Poor Charlie. He went and put his foot in it and now the whole world and his wife are breathing down his neck.
In case you haven't caught the news this is what happened.
Charles and Camilla were paying a visit to the Canadian Immigration Museum in Halifax and Charles got chatting to Marianne Ferguson, a volunteer at said museum. Marianne told the Prince how she fled from Poland to Canada in 1939 and how her family had perished in the Nazi concentration camps. Charles' response? "And now Putin is doing just about the same as Hitler". Or something along those lines. I say something along those lines because there are several versions of the words he apparently spoke depending upon which newspaper you read.
So basically here was a man making personal remarks during the course of a private conversation, remarks which, by the way, Ferguson felt were "very heartfelt and honest", and before you know it the Daily Mail has printed its "exclusive" story and an international uproar has ensued.
Initially Putin didn't say very much - probably too busy thinking about the next country he could annexe. No, wait, sorry. My mistake. He was helping to release tigers back into the wild. (Putin unleashing wild animals. Oh the metaphors that could be drawn!) The Kremlin reacted on animal lover Putin's behalf: "Unacceptable outrageous and low" they vented furiously. Well that's a coincidence. Those were the first three adjectives that sprung to my mind as Russian forces began to take control of the Crimean peninsula.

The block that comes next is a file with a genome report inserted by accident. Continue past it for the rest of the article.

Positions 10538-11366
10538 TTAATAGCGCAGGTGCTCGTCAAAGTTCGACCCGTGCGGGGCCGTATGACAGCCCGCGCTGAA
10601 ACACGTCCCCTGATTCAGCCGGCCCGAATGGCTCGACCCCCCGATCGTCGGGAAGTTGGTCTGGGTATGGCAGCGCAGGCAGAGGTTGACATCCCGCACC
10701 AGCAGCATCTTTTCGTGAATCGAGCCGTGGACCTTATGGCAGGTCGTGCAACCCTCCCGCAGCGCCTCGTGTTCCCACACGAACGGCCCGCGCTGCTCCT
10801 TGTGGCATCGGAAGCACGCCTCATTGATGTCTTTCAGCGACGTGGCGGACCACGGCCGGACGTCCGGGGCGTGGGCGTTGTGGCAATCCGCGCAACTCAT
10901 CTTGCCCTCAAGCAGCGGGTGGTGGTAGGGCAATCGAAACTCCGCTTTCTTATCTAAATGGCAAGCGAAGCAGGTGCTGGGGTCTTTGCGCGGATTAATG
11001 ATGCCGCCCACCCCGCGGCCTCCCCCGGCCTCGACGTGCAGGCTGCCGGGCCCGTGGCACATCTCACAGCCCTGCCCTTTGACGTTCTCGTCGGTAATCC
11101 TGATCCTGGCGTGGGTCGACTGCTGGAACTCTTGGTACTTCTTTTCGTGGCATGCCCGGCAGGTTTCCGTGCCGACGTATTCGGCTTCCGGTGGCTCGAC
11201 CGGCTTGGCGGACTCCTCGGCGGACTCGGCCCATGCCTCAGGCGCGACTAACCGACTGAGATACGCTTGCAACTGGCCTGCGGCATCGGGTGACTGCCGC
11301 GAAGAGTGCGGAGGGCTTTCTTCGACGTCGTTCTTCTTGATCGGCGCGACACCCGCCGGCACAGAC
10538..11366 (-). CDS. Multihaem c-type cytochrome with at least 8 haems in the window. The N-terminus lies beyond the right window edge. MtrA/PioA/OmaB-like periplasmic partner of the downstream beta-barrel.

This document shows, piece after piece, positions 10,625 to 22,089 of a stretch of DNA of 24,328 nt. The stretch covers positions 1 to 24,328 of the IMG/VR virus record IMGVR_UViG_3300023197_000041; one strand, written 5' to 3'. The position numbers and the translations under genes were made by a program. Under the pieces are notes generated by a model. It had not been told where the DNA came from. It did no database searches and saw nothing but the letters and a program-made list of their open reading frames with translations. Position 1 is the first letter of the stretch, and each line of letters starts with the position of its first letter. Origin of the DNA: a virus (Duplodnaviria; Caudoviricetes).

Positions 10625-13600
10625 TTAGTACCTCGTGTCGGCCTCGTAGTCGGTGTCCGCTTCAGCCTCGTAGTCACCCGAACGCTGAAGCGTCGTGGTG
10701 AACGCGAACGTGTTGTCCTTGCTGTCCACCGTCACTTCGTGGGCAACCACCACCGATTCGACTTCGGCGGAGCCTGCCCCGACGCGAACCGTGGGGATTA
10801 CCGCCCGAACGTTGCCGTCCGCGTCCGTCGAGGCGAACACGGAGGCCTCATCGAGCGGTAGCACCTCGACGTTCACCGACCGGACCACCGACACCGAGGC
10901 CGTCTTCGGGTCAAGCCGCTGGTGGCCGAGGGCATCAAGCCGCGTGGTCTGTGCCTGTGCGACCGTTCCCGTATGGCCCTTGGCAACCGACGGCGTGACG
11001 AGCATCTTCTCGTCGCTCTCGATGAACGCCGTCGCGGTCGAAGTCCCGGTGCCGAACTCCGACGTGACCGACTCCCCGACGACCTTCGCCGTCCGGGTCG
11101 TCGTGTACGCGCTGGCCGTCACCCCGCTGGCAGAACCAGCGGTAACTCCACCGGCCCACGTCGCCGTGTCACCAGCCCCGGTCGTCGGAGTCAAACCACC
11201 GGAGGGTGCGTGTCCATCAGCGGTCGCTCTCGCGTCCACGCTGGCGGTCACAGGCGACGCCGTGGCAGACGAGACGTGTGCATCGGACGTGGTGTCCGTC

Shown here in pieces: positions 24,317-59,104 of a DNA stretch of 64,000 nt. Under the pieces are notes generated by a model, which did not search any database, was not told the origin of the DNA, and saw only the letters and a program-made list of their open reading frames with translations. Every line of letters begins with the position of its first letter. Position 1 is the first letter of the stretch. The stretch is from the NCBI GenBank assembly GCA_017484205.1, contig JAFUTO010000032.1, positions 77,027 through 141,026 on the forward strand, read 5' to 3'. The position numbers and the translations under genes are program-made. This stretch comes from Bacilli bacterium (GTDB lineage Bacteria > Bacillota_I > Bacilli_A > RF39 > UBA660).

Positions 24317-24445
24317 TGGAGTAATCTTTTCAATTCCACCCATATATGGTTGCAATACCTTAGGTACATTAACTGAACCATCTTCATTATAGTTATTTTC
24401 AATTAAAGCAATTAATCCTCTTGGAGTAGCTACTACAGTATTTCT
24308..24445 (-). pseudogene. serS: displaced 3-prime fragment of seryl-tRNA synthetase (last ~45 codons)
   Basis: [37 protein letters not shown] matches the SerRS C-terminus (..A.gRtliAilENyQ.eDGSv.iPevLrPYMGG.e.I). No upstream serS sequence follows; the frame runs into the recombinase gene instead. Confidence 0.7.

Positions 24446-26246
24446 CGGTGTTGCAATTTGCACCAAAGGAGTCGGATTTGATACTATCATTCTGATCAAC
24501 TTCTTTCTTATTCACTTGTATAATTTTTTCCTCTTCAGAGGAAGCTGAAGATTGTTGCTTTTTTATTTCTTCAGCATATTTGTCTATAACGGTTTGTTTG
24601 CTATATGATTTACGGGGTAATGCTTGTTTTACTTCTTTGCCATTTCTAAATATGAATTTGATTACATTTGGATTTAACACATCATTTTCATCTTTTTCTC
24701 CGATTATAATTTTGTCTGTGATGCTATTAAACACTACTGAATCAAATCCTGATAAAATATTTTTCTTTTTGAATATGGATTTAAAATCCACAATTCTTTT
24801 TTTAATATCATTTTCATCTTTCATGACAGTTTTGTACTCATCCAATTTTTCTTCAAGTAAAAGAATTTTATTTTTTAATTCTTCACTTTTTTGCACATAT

I'm certainly no history buff nor do I claim to be well-versed in all things political but I can't help but wonder: were Charles' comments so very far off the mark? In 1938 German troops marched into Austria with the aim of consolidating all "Germanic" people into one nation. Putin absorbed Crimea into Russia because of its large population of Pro Russian citizens. Surely there is a comparison to be drawn? Is Charles not simply saying out loud that which many other people are thinking?
I suppose the real issue here is not so much what Charles said but whether the Prince, in his capacity as a member of the royal family and heir to the throne should be airing personal views of a political nature. There is, after all, an expectation that the Monarchy remain neutral when it comes to political affairs. I, for one, do not share this expectation and find myself agreeing with Deputy Prime Minister, Nick Clegg. In an interview with BBC Breakfast he stated: "I have never been of the view that if you are a member of the Royal family somehow you have to enter into some sort of Trappist vow of silence. I think he is entitled to his views."
We are ALL entitled to our own views. We should be able to express our thoughts and feelings without fear of recrimination. But we can't. Because freedom of speech is a fallacy. It doesn't exist. In this politically-correct- gone-mad-era we have to watch what we say, how we say it and who we say it to. Long gone are the days of "sticks and stones" and how easily we find ourselves offended, insulted, aggrieved and affronted.
Charles and Camilla have since returned to the UK and insist they will cherish the memories of their four-day visit to Canada. For the most part.
Ginger Warrior, over and out.
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